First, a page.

The first week into President Obama’s term, he has started the process of delivering on his campaign promises of bringing change to America. During his first full day in office, Obama officially announced his intention to close the United States’ detention center in Guantanamo Bay and by the end of his second full day in office had signed three Executive Orders stipulating that the detention center be closed within one year, ordering the closure of other secret and not so secret CIA detention facilities around the globe, ordering a review of military trials of detained, suspected terrorists, and halting the use of harsh and torturous interrogation practices until US measures initiated by the Bush Administration’s War on Terror can be reviewed.
In his Inaugural Address, Obama said, “We reject as false the choice between our safety and our ideals,” and on Thursday said in press conference that, “The United States intends to prosecute the ongoing struggle against violence and terrorism.”
“We are going to do so vigilantly, we are going to do so effectively,” Obama continued, but added, “and we are going to do so in a manner that is consistent with our values and our ideals.”
Since September 11, 2001, virtually all Americans have been in unison about the need to proactively prevent future terrorist attacks and agree that international acts of terrorism are a phenomenon that deserves our diligent attention. However, it is the way that the United States has gone about processing the War on Terror during the past seven years that has caused millions of us to critique our government, believing the preservation of our best American ideals to be as important as the preservation of our physical safety.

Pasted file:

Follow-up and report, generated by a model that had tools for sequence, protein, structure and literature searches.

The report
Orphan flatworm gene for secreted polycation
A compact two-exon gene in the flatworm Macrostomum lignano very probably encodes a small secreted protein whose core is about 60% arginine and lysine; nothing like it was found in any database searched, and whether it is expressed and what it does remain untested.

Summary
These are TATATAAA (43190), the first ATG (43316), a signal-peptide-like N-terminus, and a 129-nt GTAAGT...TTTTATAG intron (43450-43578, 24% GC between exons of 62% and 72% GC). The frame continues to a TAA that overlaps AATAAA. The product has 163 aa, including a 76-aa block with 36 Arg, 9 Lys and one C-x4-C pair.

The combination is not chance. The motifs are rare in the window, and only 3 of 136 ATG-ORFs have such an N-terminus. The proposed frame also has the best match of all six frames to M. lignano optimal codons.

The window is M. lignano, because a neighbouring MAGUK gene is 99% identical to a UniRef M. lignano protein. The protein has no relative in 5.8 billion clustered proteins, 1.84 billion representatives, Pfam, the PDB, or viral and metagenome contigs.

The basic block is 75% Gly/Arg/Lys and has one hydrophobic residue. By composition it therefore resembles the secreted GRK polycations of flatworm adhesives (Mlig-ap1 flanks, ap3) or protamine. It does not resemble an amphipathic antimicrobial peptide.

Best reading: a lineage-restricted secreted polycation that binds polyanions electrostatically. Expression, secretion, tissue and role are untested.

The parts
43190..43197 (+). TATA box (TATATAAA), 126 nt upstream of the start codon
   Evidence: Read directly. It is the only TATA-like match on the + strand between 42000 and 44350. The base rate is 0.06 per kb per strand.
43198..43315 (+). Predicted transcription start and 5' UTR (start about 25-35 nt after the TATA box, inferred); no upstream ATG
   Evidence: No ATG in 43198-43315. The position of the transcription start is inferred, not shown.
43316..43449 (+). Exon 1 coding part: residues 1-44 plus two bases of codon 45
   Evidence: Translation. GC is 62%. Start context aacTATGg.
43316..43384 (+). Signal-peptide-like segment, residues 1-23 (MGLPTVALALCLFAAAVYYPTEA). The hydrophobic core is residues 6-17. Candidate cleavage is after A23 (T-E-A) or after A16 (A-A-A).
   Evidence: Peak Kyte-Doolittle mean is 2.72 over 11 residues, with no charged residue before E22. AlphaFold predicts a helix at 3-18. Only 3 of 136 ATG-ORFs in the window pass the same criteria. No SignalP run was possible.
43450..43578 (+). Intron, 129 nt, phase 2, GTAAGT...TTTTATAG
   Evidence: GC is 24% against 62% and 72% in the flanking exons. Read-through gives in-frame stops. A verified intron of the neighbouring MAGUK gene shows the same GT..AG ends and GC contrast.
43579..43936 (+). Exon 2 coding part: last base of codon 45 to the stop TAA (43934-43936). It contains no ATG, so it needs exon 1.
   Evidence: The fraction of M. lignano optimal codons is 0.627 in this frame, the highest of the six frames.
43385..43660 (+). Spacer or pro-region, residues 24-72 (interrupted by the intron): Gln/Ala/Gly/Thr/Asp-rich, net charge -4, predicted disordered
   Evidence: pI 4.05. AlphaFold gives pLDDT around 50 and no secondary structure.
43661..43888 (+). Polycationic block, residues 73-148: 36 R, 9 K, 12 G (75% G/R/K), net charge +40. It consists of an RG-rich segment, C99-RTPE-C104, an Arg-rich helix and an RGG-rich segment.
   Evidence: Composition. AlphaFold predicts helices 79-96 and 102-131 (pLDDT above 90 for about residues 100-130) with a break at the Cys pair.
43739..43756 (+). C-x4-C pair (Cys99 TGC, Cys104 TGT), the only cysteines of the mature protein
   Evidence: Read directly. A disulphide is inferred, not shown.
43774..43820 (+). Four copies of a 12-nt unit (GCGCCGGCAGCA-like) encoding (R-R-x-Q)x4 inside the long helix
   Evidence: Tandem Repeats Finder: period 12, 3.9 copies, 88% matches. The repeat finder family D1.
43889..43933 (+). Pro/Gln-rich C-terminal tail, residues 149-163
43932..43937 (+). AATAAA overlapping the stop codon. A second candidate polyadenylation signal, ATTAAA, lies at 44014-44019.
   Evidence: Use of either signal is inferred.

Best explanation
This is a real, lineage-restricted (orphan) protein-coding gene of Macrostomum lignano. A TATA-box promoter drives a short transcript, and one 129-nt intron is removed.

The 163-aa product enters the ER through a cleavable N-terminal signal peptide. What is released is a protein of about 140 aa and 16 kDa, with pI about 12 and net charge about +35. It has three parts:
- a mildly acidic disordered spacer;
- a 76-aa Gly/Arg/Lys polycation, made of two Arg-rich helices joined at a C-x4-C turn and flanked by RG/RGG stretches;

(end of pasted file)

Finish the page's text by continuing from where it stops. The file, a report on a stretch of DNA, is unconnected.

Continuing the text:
Historically, America has not always lived up to the best in our ideals; many times we have fallen monstrously short. Imprisoning human beings for years on end without the due process and right to a fair trial that all Americans cherish, and torturing them physically and psychologically, is one example of our failure as a society to match our professed beliefs with our actions.
As President Bush leaves office with the highest disapproval rating of any President since Gallup Polling began in the 1930’s – higher even than Richard Nixon’s disapproval rating when he resigned from office – collective questions about accountability and responsibility are now ours to continue contemplating.
Arguably, an American President is the individual human being in our country with the most access to power at their disposal, and is therefore most responsible for the direction of the nation at large, and most responsible for subsequent consequences.
However, we may be tempted to place all our individual and collective ire for the many ills of the past eight years on our outgoing President, while the truth of the matter is that it is not nearly as clean as that.
Can we as a society take accountability for the wrongs committed in our name while simultaneously engendering optimism for the future? Are those mutually exclusive?
Hopefully they are not.
Hopefully, we as a society are turning a significant corner and are now on the path to remedying mistakes and atrocities in our recent and not so recent past. Collectively, we have come a long way in combating past ignorance and prejudices. We have yet a long way to go. As to whether our newly elected President will continue to act as decisively and honorably as he has during his first few days in office, time can only tell. But ultimately our President is only one individual, we are roughly three hundred million. And for the moment, at least, it seems we are all bringing change to America.